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Saturday 16 December 2017

What does the UK vote mean for Ireland?

If the EU negotiators decide a harder Brexit suits them, it's now hard to see where the resistance will come from. Picture: Reuters
If the EU negotiators decide a harder Brexit suits them, it's now hard to see where the resistance will come from. Picture: Reuters

The big question is what the result means for Brexit. Bizarrely, from an Irish perspective, Brexit wasn't that big an issue during the UK campaign - although a massive turnout of younger voters in support of Labour was probably a knock-on affect from last year's vote.

Both Theresa May and Jeremy Corbyn opposed Brexit during the 2016 referendum, but have since said they'd implement it. There isn't clear water between the two on the core issue, and both lead political parties with divided views. The ascendency of the DUP, as a potential junior partner supporting a Mrs May-led government may be a game changer.

The DUP campaigned for Brexit - unlike Theresa May. But, its election manifesto calls for an absolutely minimalist approach to pulling out of the Union - including a "frictionless Border," maintenance of the common travel area and a free trade deal with the EU.

The DUP is British unionists, but the farmers and small business people that provide much of its core support know they'd be brutally exposed if a hard Brexit shut cross-Border trade with the Republic.

If the DUP tail wags the Tory dog then the issue of Ireland will be much more central to Westminster negotiators than it would be under either a Conservative or Labour majority government.

A DUP acting to cement the reality of all Ireland economic and social cohesion, by insisting on a soft Border, while Sinn Féin sits in the sidelines, would be one of history's great ironies.

So no hard Brexit, no hard border?

Unfortunately that is just one of a number of scenarios still on the table.

The Conservatives are divided and Mrs May's standing as leader has taken an unmerciful knock. She could go at any time, and a deal with the DUP with her.

Even if the Conservatives hobble a new administration together, whoever is sent to negotiate with Brussels will have to have one eye over their shoulder because they'll have no guarantee of backing in Westminster if and when things get tough. Those talks are due to start this month.

EU negotiators, officially led by Michel Barnier, but with Angela Merkel ultimately lurking behind the scenes, were always going to have the whip hand in the exit talks. That power imbalance has only become sharper as the UK sinks into self-inflicted political chaos.

If the EU negotiators decide a harder Brexit suits them, its now hard to see where the resistance will come from.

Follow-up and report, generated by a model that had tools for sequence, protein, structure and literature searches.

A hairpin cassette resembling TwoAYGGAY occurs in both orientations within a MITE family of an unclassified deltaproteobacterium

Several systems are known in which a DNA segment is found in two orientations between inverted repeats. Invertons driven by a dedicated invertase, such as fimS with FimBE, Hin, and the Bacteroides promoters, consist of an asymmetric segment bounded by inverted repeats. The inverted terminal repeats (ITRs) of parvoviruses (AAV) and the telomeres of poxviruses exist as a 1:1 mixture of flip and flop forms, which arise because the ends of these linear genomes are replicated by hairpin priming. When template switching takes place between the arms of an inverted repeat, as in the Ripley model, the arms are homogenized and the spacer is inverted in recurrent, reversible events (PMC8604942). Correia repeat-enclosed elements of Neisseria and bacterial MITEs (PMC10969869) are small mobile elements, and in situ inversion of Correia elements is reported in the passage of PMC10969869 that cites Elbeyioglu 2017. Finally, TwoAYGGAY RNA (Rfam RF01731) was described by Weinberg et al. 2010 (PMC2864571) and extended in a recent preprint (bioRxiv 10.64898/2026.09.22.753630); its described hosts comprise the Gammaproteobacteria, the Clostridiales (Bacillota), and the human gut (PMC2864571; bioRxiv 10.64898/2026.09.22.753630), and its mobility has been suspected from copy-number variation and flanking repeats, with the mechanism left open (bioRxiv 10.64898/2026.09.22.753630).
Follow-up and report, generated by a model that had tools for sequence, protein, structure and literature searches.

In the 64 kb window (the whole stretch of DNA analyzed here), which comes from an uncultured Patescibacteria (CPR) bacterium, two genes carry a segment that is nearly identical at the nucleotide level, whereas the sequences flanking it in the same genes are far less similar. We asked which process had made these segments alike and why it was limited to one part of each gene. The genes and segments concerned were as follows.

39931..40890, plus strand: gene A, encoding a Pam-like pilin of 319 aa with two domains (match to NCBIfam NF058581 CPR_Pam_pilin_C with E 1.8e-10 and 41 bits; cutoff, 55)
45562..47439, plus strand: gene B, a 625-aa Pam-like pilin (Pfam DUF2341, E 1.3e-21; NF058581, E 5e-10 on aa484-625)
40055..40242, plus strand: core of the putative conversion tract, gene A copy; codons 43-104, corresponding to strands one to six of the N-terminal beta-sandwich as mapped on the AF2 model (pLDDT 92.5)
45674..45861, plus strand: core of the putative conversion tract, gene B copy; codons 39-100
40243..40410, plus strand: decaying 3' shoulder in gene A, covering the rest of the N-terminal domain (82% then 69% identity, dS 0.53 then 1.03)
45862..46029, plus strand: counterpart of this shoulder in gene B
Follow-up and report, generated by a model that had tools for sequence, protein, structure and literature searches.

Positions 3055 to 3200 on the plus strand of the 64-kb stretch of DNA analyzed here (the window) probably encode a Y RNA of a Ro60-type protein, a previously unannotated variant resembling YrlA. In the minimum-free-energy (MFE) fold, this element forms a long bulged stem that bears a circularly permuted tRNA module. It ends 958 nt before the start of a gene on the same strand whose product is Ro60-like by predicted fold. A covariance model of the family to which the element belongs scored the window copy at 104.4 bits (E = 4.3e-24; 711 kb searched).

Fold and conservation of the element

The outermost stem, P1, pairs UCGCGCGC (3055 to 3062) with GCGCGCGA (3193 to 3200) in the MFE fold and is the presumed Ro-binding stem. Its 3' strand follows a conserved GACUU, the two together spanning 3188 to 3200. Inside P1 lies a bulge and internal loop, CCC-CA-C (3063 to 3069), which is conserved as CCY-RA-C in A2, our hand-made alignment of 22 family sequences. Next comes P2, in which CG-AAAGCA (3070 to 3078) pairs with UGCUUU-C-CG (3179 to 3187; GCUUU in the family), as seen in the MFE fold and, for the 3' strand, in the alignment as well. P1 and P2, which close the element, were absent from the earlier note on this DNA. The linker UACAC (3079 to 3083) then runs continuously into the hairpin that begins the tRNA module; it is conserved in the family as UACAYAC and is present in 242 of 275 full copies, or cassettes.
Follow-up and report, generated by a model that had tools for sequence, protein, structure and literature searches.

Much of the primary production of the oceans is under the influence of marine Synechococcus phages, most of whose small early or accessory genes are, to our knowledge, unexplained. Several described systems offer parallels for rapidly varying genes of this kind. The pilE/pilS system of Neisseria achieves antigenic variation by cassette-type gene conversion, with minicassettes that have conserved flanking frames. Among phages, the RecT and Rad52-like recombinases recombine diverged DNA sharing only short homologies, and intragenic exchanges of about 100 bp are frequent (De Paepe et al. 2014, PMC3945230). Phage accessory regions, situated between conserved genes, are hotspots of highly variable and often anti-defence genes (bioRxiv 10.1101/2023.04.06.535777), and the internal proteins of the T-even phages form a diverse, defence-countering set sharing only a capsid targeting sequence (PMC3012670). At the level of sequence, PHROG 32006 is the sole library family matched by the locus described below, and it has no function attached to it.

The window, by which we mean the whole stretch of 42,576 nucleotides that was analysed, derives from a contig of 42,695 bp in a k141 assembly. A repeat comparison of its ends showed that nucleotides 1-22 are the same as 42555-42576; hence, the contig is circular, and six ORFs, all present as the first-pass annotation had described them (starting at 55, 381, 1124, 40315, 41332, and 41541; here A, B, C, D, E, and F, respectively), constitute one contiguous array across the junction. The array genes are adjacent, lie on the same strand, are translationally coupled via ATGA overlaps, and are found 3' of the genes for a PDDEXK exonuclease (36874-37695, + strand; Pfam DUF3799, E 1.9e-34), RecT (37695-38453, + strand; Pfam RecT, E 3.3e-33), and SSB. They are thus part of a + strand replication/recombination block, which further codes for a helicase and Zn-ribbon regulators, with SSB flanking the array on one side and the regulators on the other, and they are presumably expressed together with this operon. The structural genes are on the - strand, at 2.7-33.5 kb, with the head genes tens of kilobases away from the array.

But Leo Varadkar said the election makes a hard Brexit less likely?

He said the election means there's no mandate for a hard Brexit, which may be true - a hung parliament in the UK means there isn't much of a mandate for anything.

But, he could have a point. The Westminster numbers thrown up by the election mean horsetrading is going to be the norm there, and with British voters apparently not that pushed either way about Brexit a pragmatism may start to replace the histrionics that got us all to this pass.

Is this going to hit the Irish economy?

Yes, for the worse. It is already hitting us. The pound fell as soon as the result became clear, that makes it harder for Irish exporters to compete in the UK markets, and less profitable for them when they do sell goods and services there.

British visitor numbers were already down before the latest fall in sterling. It is our biggest single market and that will get worse.

For Irish consumers and businesses, buying in the UK has become cheaper and online sales means that has never been easier.

For consumers the greatest savings are on big ticket items like cars and furniture. Domestic business will be hit by that, with a knock on for jobs and the public finances.

There's a wider issue. In less than a year the UK has become an economy that investors have to think about in terms of major political risks.

Its politics are unpredictable and its economy is going to suffer as a result. The main rating agencies all issued statements yesterday warning of the risks the new political questions pose on Britain, the world's fifth biggest economy.

Our economy is deeply integrated into the UK's, so we will suffer in tandem.

But aren't we getting all the great finance jobs from London?

The big spike in investment here by banks and insurers relocating here from London as a result of Brexit have so far failed to materialise. The UK election doesn't mean they are more or less likely to leave the UK, but Germany and the Benelux, not Ireland, seem to be the big winner when they do, regardless.

Irish Independent

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